As a result of this mishap, Anna witnesses the brutal murder of a transvestite in the ladies’ room. Before the attack, Miss Thing had just given a bag of money to her partner in crime, Switchblade (Steve Buscemi, who should be ashamed of himself for this role). We see the murderer, who demands the money Switchblade has just absconded with, but Anna only sees the police badge he accidentally drops. Rather than call the cops, Anna takes a cab home. She tells her boyfriend about the murder, but he doesn’t believe her. When Mr. Heavy Breather calls back the next evening, dumbass Anna tells him too. “I saw a murder and it’s your fault,’ she yells into the phone, “so I don’t have time for your third-rate porno!” It never crosses her mind that perhaps this guy is the killer. The caller’s identity is what passes for intrigue in Call Me.

While Anna keeps getting phone calls from the mystery pervert, the film alternates between her and the prime suspect. We assume Jellybean is making the phone calls because he thinks Anna has the missing money. His partner Switchblade needs to find out who Anna is so he can kill her before he’s exposed as the true thief. This plot takes up most of the movie, but why bother continuing? You came here for the sex, so let’s talk about that orange.

Anna is turned on by her caller’s dirty talk, which culminates when he asks her to get freaky with the orange she’s eating. Had Call Me focused solely on this plotline, it might have been a raunchy diversion of a movie. Instead, the crime components make Anna’s adventures in erotic chat seem as forced an unwise as my first, and thus far only, foray into this realm. It was 1987, and it did not go well:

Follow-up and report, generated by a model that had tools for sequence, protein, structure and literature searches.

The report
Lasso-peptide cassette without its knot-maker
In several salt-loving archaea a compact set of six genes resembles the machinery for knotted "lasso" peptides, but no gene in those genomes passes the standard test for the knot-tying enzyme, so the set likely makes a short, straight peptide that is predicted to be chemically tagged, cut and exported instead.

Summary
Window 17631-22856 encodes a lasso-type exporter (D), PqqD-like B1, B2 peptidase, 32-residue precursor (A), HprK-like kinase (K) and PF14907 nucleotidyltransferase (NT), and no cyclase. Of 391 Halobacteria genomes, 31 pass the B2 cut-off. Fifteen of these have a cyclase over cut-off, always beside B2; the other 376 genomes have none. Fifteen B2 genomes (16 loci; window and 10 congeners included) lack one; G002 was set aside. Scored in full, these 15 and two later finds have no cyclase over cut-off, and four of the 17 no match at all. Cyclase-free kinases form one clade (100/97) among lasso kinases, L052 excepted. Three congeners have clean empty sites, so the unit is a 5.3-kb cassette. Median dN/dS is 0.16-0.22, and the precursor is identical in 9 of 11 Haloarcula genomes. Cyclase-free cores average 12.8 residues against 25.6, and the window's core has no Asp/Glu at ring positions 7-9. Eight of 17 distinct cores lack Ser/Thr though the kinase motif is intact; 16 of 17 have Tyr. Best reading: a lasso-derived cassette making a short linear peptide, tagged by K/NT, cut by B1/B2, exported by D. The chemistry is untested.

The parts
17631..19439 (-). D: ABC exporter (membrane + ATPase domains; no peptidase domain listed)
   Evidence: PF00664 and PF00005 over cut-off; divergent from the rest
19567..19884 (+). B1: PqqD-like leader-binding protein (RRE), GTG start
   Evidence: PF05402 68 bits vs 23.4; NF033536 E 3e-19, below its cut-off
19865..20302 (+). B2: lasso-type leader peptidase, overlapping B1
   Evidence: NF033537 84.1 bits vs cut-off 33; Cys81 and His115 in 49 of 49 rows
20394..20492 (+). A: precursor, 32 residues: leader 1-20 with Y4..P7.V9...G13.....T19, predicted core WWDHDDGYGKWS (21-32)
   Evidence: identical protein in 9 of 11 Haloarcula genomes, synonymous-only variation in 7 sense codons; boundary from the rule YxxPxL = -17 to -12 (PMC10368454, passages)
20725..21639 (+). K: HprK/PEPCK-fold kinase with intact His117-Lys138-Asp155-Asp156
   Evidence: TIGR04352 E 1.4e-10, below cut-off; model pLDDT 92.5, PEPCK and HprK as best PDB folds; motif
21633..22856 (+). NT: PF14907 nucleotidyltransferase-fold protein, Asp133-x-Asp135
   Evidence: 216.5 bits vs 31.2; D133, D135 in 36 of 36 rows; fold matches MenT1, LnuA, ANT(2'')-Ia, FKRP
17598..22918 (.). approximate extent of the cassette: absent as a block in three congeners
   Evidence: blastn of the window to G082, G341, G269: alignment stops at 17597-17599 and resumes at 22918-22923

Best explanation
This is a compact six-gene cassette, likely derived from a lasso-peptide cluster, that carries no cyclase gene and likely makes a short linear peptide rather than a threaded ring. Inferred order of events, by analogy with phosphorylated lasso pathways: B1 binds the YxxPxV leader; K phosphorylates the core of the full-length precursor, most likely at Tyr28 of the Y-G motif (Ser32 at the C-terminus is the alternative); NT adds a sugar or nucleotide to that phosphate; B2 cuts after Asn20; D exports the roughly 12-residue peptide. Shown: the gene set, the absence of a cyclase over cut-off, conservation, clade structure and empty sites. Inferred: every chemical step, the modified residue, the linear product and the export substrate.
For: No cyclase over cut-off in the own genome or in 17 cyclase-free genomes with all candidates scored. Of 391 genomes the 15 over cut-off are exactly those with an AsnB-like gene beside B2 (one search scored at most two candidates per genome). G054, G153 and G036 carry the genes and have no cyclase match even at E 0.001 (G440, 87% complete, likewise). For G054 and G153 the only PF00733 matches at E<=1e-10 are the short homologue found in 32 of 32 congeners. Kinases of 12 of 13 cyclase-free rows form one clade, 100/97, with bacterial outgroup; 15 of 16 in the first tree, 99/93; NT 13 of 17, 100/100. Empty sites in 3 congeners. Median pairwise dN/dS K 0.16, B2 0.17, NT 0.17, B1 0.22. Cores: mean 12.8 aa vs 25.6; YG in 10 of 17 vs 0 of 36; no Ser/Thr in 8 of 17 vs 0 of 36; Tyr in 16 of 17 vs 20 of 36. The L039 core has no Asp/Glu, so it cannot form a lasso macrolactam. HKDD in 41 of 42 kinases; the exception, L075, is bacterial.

Her: What are you wearing?
Me: I dunno. Some raggedy drawers and a wifebeater.
Her: You know what? Fuck it. This isn’t going to work. [Click!]

If only I’d waited one more year to experiment! Call Me would have shown me how it was done. After feeding her orange to her personal Jerry Mathers, Anna turns the tables on her caller.

Anna: Are you hard?
Pervert: Yes.
Anna: Do you have an orange?
Pervert: Yes. Okay. Got it.
Anna: Bite it! Then cut a hole in it—a big one—and stick the head of your cock in it.
Pervert: Yes!

My response of “won’t that sting?!” would have resulted in Anna hanging up on me, too, but I digress. Toward the end, Call Me uses this violated fruit to reveal the identity of the obscene phone caller. Anna opens the perpetrator’s refrigerator to find an orange with a hole in it, the citrus equivalent of Monica Lewinsky’s soiled blue dress. I asked the screen, “Who the hell keeps oranges with dick-inserted holes in their fridge? Anita Bryant?” Nevertheless, this is the creative high point of the film.

Had star 69 and caller ID existed in 1988, Call Me would either have been more clever or not made at all. At least it provided a great poster for hormonal ’80s-era teenage boys like me to, um, admire. I’d love to see a remake that ditches the distasteful murder plot in favor of a woman reconnecting with her drab boyfriend via the magic of dirty conversation. They chat, they heat up, they itchy-gitchy-ya-ya with the marmalade, and everybody’s happy. Imagine what this would do for the orange industry.

After escaping the funny farm, the Odienator can be found at Roger Ebert’s Demanders Blog, Big Media Vandalism and Tales of OdieNary Madness.